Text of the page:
In A Vase on Monday – A Fine Kettle of Heliconia

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A fine kettle of fish seems to be an expression indicating you have gotten yourself in a dilemma or odd situation. The dilemma involving this old copper kettle was how to put flowers in it – it is so old there are holes in the bottom. Problem solved by cutting down a milk carton to fit inside the kettle. The result – a fine kettle of Heliconia. No fish whatsoever.

The copper kettle is a favorite of mine, bought at a flea market in the mountains of North Georgia possessing such a patina I feel as though I am the kettles steward rather than owner. Obviously handmade and repaired many times it sits in different places around my house, currently in the foyer filled with flowers.

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Our oh so dry spring has turned into a rainy summer, normal for South Florida. The tropical plants are loving it and the Parrotflowers (Heliconia psittacorum) are blooming like mad. I had to cut a bunch and then decided to use coppery and white hues in the kettle. Joining the Heliconia are natives Galllardia (G.pulchella) and Beach Sunflowers (Helianthus debilis) hanging over the side. The white flowers are tropicals, bigger flowers with yellow centers are Bridal Bouquet Frangipani (Plumeria pudica) and the buds hanging over the sides are Florida Gardenias (Tabernaemontana divericata) Not sure why they are called Florida Gardenias as they are from India! Rounding out the kettle as green foliage accents the Asian Sword Fern.

Here is my interesting/weird tidbit for the week. This is the bud of a Night Blooming Cereus Cactus – the white fuzzy thing, first ever, can’t wait to see the flower.

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In A Vase on Monday – Butterfly Power

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Florida by any account is filled with natives. The people are very proud of staying around where they were born and advertise their ‘native Floridian’ status with car decorations, bumper stickers, decals, etc. The plants, not so much. Exotic tropical plants from around the world are much more popular than what grows here naturally. I am, of course, as guilty as the next gardener for using exotic tropical plants.

In an effort to help native pollinators and power our Butterfly population I am planting a native wildflower border.  The border is about halfway finished and the resulting butterflies have been fantastic thus far. In the border I have seen Monarchs, Gulf Fritillaries, Zebra Longwings and several orange and yellow butterflies I have yet to identify. I am not sure what happened to the Black Swallowtail caterpillars that were in the post from last week. Hopefully they appear in the border soon.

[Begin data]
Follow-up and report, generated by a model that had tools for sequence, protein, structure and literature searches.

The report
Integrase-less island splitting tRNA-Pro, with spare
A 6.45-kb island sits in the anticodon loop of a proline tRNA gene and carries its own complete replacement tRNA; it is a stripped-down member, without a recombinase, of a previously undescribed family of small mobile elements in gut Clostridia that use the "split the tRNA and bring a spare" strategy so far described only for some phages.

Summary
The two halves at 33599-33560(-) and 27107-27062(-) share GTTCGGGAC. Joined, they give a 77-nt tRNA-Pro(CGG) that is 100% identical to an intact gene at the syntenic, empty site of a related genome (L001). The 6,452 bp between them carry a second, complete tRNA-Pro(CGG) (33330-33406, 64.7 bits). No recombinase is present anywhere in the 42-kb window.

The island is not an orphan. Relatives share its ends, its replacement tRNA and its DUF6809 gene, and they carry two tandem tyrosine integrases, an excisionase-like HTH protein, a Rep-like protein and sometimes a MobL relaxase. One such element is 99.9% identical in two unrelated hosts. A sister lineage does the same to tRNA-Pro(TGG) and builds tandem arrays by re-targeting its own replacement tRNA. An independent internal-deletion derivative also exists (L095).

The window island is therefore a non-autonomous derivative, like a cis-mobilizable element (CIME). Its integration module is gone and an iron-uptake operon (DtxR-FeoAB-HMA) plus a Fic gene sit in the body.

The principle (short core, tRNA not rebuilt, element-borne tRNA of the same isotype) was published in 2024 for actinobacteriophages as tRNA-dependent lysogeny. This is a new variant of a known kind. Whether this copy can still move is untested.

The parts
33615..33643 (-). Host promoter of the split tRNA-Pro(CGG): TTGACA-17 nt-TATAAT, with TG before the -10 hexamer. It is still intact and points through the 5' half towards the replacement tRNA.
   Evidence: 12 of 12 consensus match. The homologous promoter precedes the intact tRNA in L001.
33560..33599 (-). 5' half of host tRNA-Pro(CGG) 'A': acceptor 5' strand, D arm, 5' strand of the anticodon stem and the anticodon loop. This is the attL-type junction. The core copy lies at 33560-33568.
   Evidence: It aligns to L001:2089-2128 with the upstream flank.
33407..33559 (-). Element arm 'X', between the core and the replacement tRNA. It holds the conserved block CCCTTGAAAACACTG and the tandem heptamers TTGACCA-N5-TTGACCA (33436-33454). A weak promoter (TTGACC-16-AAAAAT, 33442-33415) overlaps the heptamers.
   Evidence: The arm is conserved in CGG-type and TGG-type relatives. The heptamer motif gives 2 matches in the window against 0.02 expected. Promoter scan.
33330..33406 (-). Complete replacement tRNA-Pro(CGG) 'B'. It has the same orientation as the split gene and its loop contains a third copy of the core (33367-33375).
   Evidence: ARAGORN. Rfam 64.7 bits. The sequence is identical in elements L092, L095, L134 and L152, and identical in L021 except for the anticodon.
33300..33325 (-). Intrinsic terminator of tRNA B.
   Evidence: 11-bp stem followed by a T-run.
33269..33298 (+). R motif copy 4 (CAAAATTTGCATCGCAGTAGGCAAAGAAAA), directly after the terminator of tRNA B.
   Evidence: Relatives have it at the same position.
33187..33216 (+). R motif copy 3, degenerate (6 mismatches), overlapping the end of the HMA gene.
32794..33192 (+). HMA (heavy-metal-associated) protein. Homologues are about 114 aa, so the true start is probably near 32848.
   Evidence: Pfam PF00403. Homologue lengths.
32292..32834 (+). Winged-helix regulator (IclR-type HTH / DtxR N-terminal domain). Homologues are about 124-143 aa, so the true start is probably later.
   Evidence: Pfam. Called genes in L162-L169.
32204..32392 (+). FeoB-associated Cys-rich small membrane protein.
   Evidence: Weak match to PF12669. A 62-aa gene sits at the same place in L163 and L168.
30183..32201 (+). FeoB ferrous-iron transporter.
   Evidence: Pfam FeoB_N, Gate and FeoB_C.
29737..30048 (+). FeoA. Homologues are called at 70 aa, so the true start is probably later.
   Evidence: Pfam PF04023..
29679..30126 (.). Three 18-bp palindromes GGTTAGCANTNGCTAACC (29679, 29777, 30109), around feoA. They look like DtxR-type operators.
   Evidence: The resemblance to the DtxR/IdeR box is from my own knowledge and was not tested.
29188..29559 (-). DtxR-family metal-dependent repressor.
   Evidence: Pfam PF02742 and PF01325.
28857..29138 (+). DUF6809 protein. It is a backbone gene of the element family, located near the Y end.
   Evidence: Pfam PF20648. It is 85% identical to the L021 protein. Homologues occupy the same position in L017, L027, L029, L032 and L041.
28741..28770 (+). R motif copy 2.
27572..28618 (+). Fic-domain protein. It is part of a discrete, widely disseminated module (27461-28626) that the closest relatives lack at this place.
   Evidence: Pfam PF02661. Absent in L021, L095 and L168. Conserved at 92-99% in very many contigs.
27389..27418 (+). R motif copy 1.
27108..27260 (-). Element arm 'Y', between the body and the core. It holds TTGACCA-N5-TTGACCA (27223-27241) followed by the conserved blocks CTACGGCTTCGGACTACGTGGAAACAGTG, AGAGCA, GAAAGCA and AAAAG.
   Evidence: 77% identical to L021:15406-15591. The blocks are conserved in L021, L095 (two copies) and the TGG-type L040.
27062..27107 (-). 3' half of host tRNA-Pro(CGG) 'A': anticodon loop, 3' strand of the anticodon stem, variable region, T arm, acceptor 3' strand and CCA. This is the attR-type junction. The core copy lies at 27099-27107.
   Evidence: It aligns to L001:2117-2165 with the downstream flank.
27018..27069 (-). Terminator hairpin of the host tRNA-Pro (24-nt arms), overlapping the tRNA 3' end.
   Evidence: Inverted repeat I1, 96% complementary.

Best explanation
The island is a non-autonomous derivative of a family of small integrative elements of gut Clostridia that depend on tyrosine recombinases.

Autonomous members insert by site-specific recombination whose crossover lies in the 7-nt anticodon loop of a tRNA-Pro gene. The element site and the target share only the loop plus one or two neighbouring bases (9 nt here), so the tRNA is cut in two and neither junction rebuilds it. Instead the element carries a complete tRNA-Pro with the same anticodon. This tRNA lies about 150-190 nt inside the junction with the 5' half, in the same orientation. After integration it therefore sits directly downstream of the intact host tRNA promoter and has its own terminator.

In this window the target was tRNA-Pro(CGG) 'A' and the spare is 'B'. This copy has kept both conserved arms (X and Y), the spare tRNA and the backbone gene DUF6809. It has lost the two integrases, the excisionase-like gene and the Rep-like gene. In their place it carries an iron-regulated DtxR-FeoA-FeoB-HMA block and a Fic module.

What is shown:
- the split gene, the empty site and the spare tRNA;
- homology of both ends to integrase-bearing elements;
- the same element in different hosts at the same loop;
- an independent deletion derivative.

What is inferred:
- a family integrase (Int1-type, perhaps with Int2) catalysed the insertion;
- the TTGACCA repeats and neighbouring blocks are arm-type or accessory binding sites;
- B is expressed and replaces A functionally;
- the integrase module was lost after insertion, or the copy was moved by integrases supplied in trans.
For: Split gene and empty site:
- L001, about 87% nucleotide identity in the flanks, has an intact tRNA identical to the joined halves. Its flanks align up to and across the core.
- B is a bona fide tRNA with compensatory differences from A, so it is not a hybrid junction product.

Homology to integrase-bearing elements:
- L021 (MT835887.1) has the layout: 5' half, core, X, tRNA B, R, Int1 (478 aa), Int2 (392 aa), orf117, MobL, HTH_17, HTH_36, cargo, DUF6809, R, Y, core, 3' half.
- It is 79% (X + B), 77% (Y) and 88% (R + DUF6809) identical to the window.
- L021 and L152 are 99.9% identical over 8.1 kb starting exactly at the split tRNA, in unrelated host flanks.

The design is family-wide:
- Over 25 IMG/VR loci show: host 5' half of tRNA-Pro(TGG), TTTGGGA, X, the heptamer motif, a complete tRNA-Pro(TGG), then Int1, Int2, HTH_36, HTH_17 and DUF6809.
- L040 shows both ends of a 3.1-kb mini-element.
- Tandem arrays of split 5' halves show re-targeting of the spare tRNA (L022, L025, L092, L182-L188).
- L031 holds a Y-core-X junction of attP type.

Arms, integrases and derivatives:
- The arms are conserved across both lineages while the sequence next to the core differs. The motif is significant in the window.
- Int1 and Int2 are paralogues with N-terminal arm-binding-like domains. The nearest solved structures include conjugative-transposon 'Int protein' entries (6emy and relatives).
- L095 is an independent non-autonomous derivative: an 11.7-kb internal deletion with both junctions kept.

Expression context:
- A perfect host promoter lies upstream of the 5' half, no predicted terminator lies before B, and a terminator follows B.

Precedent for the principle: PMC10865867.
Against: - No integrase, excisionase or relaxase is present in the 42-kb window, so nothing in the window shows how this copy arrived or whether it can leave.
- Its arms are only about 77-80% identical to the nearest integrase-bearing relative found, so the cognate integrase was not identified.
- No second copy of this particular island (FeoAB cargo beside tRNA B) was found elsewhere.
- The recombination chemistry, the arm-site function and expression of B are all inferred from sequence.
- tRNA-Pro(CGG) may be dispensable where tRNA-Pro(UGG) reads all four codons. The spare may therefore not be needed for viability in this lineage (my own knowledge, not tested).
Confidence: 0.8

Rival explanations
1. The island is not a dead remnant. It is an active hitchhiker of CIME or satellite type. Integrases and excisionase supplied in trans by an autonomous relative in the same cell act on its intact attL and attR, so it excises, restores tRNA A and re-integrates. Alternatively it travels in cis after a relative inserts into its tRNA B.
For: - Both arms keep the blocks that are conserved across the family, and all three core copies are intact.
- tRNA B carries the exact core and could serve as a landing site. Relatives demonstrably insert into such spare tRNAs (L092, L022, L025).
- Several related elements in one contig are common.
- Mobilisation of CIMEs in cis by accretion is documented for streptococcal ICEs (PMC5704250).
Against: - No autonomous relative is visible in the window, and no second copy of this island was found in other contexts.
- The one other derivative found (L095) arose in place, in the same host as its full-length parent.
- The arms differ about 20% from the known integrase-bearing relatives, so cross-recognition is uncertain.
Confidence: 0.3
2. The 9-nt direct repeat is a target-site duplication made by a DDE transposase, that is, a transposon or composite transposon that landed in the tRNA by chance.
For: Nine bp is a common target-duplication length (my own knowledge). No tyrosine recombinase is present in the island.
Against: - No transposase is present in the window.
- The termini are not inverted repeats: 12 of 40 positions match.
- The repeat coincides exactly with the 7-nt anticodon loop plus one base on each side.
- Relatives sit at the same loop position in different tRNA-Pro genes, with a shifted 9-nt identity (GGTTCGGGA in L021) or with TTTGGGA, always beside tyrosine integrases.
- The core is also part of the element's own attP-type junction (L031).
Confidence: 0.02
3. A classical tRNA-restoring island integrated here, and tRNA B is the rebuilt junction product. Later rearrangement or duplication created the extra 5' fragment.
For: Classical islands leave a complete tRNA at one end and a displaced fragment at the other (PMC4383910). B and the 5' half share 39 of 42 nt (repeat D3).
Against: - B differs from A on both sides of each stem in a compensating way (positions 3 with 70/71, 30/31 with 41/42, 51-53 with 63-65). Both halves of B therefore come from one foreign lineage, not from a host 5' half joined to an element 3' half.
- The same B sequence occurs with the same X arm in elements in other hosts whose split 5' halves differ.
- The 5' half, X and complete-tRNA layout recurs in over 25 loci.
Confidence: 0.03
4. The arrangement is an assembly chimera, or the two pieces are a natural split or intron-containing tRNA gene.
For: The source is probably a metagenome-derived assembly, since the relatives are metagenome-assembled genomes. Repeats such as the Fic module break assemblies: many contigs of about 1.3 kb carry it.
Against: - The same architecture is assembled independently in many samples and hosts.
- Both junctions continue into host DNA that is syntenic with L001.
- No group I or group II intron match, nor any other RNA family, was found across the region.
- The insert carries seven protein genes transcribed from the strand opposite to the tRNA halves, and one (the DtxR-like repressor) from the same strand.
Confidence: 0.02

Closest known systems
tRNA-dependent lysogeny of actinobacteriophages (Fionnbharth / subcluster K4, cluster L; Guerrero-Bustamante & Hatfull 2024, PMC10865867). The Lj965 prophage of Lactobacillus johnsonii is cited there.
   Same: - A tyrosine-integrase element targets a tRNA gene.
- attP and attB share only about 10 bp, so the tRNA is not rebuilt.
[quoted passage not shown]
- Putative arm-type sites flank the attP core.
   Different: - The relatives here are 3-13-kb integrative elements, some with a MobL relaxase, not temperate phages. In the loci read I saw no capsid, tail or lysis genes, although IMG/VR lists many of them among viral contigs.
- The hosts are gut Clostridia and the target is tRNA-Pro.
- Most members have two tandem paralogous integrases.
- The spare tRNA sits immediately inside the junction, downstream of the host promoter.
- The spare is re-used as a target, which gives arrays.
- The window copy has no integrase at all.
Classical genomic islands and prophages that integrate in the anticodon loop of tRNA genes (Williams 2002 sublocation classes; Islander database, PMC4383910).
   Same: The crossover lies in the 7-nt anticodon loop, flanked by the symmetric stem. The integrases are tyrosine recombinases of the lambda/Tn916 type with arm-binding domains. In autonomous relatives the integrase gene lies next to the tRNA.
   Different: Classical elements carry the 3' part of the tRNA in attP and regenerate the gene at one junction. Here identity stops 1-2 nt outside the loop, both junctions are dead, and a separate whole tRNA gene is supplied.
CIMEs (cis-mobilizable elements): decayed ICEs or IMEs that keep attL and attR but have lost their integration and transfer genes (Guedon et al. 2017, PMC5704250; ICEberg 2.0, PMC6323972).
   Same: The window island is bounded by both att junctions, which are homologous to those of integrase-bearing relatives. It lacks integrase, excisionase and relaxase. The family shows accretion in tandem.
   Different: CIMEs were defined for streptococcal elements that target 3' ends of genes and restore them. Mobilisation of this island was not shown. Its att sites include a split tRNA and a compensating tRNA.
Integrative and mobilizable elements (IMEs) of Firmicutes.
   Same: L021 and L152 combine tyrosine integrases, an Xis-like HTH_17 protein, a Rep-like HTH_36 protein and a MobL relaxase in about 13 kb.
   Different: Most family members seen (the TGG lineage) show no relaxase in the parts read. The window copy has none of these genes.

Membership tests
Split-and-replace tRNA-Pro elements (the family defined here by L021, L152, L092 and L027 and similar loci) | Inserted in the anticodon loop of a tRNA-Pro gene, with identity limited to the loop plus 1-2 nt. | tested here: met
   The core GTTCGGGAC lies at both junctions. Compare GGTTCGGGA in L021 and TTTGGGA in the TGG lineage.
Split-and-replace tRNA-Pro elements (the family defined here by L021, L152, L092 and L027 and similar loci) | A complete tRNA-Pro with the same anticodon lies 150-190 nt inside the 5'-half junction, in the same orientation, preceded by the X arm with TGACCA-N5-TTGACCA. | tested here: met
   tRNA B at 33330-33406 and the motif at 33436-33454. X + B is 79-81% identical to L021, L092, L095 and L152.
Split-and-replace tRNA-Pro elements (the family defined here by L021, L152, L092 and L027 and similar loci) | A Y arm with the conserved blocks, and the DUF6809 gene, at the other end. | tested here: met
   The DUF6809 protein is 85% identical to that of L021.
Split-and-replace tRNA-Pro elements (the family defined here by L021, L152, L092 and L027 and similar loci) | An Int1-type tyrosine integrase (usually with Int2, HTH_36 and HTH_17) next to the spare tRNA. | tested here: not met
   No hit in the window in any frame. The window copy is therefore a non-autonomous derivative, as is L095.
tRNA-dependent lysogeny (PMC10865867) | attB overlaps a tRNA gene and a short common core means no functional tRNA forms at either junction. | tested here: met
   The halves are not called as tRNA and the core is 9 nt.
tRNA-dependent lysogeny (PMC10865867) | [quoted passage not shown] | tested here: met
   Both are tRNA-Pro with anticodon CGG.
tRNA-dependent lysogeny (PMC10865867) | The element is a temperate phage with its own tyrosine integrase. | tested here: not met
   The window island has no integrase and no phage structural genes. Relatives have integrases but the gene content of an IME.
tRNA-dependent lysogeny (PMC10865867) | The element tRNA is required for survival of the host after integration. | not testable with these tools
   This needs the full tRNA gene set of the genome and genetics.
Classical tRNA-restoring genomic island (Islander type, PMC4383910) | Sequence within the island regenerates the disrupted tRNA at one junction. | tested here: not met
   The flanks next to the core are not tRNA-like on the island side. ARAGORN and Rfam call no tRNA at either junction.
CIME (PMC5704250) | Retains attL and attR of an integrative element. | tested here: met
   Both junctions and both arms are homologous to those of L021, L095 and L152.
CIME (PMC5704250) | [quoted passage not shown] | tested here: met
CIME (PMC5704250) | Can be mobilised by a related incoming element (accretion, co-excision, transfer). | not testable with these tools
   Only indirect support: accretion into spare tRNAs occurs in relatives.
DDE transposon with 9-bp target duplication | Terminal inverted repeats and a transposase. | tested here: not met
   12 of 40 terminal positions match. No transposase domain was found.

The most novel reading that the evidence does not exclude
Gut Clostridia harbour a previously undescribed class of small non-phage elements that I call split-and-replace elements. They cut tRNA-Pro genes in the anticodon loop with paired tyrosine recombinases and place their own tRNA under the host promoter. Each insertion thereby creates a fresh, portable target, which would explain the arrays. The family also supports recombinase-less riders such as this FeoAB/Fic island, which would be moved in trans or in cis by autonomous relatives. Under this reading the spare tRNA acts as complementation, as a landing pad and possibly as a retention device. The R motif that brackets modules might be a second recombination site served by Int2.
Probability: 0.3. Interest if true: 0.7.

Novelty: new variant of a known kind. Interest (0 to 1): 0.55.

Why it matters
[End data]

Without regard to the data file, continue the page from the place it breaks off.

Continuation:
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This vase started with an interesting branch I pruned from the native Firebush (Hamelia patens var patens). I decided to continue the native wildflower theme and used the firecracker flowers in the middle from the Firebush, to this I added Tropical Red Salvia (Salvia coccinea), the purple flowers are Beach Verbena (Glandularia maritima), the royal blue bits are from Porterweed (Stachystarpeta) – people call this Vervain, which sounds a lot better. At the bottom of the arrangement, the mixed colored flowers are Gallardia (Gallardia pulchella) – a flower I have grown to love in a short period of time. The small sunflowers are Beach Sunflowers (Helianthus debilis)

I am currently finding myself lurking through the shrubbery trying the photograph the elusive Butterflies. Here are the first successful images, a Zebra Longwing tasting the Firebush.

 

In A Vase on Monday – Florida’s Fall Berries

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Crisp fall mornings and brightly colored Autumnal leaves are not something I associate with South Florida. There are 3 Red Maples that change color in a nearby swamp and that is about the extent of our fall color. As far as crisp mornings go, it is usually 80 degrees going on sweltering by late morning.

However, there are berries in the fall on some of our native shrubs. The purple berries are Beautyberry (Calliocarpa americana), actually recycled from last week’s arrangement. The tubular orange flowers/ berries are from a huge Firebush (Hamelia patens) in my backyard. I cut it back to about 4 feet during the winter and it is now over 7 feet tall – and this one is called Dwarf. Currently covered in orange tubular flowers turning to berries (they look a bit like Pieris berries) this shrub is also a magnet for butterflies and I can’t bring myself to cut it back, yet. I have considered tree forming it!

The berries of the Firebush, a bit further along than the ones in the arrangement:

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Filling out the arrangement are Tropical Red Salvia (Salvia coccinea), a mystery weed and a few Asian Sword Ferns. The mystery weed popped up a few years ago and has nice cream colored spikes in the Fall, I may find out what it is someday.

The cobalt blue vase was a Christmas gift from my brother and sister in law many years ago.

I have planted my IAVOM inspired seeds and am pleased to report the White Italian Sunflowers, Cactus Zinnias and Asters are coming along. Hopefully soon to appear in a vase.

In A Vase on Monday -Cherry, Cherry on A Hot August Night

20160821_094215-1People of a certain age may remember what my title is referring to – a Neil Diamond album popular in the 1970’s.

Here is the link https://en.wikipedia.org/wiki/Hot_August_Night

Hot August Night was a favorite of one of my brothers, who played the record a lot. Cherry, Cherry is one of the songs I associate with the album. Sweet Caroline would be the other.